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Plant Physiol. 2010 Sep;154(1):373-90. doi: 10.1104/pp.110.158964. Epub 2010 Jul 28.

Functional analysis of the group 4 late embryogenesis abundant proteins reveals their relevance in the adaptive response during water deficit in Arabidopsis.

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  • 1Departamento de Biología Molecular de Plantas, Instituto de Biotecnología, Universidad Nacional Autónoma de México, Cuernavaca, Morelos, Mexico.

Abstract

Late-Embryogenesis Abundant (LEA) proteins accumulate to high levels during the last stages of seed development, when desiccation tolerance is acquired, and in vegetative and reproductive tissues under water deficit, leading to the hypothesis that these proteins play a role in the adaptation of plants to this stress condition. In this work, we obtained the accumulation patterns of the Arabidopsis (Arabidopsis thaliana) group 4 LEA proteins during different developmental stages and plant organs in response to water deficit. We demonstrate that overexpression of a representative member of this group of proteins confers tolerance to severe drought in Arabidopsis plants. Moreover, we show that deficiency of LEA proteins in this group leads to susceptible phenotypes upon water limitation, during germination, or in mature plants after recovery from severe dehydration. Upon recovery from this stress condition, mutant plants showed a reduced number of floral and axillary buds when compared with wild-type plants. The lack of these proteins also correlates with a reduced seed production under optimal irrigation, supporting a role in fruit and/or seed development. A bioinformatic analysis of group 4 LEA proteins from many plant genera showed that there are two subgroups, originated through ancient gene duplication and a subsequent functional specialization. This study represents, to our knowledge, the first genetic evidence showing that one of the LEA protein groups is directly involved in the adaptive response of higher plants to water deficit, and it provides data indicating that the function of these proteins is not redundant to that of the other LEA proteins.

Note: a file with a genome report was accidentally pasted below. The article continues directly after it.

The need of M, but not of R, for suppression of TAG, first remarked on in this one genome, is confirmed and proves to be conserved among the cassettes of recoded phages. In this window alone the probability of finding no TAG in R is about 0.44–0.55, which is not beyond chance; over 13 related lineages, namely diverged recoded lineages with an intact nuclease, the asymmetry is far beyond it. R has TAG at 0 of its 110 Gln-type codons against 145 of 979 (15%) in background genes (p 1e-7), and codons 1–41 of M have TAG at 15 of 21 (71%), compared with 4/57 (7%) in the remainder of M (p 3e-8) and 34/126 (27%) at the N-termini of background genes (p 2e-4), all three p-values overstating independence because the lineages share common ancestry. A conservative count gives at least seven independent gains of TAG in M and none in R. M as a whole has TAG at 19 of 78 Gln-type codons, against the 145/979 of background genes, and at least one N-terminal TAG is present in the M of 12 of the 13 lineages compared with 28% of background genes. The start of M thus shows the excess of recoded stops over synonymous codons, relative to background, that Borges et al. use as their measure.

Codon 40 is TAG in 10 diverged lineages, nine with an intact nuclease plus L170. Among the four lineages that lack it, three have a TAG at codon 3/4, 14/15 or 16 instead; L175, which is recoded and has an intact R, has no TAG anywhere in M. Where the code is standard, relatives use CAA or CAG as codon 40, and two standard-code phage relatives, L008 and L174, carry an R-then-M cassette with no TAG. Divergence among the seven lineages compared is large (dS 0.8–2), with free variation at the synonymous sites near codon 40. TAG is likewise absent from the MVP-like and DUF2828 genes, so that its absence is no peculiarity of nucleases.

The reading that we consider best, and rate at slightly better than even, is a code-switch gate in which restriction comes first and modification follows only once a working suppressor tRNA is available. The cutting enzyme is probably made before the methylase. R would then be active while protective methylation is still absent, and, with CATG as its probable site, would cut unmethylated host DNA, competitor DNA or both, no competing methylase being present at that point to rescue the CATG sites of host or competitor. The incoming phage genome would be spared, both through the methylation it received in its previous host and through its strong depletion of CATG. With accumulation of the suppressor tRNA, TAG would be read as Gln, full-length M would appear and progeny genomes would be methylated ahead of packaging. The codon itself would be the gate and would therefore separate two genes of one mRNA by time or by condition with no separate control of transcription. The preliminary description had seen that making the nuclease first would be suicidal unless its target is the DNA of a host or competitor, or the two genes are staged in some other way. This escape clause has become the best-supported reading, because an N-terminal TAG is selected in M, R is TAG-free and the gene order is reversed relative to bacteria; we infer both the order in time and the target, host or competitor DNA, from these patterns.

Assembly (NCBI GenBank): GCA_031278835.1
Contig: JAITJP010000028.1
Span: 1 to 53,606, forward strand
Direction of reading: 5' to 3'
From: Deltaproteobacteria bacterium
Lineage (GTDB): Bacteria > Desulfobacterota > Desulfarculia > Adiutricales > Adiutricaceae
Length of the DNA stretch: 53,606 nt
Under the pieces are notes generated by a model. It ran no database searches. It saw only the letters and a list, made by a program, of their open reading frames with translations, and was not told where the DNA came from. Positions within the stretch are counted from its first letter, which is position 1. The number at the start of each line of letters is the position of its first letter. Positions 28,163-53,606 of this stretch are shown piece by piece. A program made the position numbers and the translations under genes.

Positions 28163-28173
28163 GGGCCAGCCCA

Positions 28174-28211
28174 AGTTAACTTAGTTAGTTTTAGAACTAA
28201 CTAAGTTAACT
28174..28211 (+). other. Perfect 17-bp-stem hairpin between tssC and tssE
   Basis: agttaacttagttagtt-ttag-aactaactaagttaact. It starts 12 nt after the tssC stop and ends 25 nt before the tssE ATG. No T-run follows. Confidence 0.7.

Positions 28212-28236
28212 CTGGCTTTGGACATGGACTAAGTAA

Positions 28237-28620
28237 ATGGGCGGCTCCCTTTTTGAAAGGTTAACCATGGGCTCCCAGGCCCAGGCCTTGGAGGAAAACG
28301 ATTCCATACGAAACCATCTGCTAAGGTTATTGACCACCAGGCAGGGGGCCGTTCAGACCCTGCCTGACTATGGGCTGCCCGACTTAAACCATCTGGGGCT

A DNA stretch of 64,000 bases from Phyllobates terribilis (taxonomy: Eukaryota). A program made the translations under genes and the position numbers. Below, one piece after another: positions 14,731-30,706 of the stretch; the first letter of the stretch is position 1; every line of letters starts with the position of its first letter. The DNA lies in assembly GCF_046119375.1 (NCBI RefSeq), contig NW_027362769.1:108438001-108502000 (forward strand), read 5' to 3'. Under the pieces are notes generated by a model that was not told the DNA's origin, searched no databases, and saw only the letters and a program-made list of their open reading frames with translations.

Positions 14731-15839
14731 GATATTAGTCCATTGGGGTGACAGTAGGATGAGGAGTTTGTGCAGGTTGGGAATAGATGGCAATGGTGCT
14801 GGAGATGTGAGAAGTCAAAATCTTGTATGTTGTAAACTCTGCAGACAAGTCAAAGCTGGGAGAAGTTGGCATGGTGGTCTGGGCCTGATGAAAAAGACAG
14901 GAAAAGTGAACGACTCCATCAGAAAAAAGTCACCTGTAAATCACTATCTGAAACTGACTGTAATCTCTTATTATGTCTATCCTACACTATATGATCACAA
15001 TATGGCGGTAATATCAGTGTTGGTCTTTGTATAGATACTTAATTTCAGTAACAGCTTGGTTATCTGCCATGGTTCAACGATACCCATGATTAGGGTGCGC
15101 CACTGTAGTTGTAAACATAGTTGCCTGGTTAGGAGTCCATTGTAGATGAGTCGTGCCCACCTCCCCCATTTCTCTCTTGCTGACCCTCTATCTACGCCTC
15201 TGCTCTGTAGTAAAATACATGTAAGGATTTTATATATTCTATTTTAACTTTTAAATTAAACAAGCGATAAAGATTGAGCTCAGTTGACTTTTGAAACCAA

PMID:
20668063
[PubMed - indexed for MEDLINE]
PMCID:
PMC2938169
Free PMC Article

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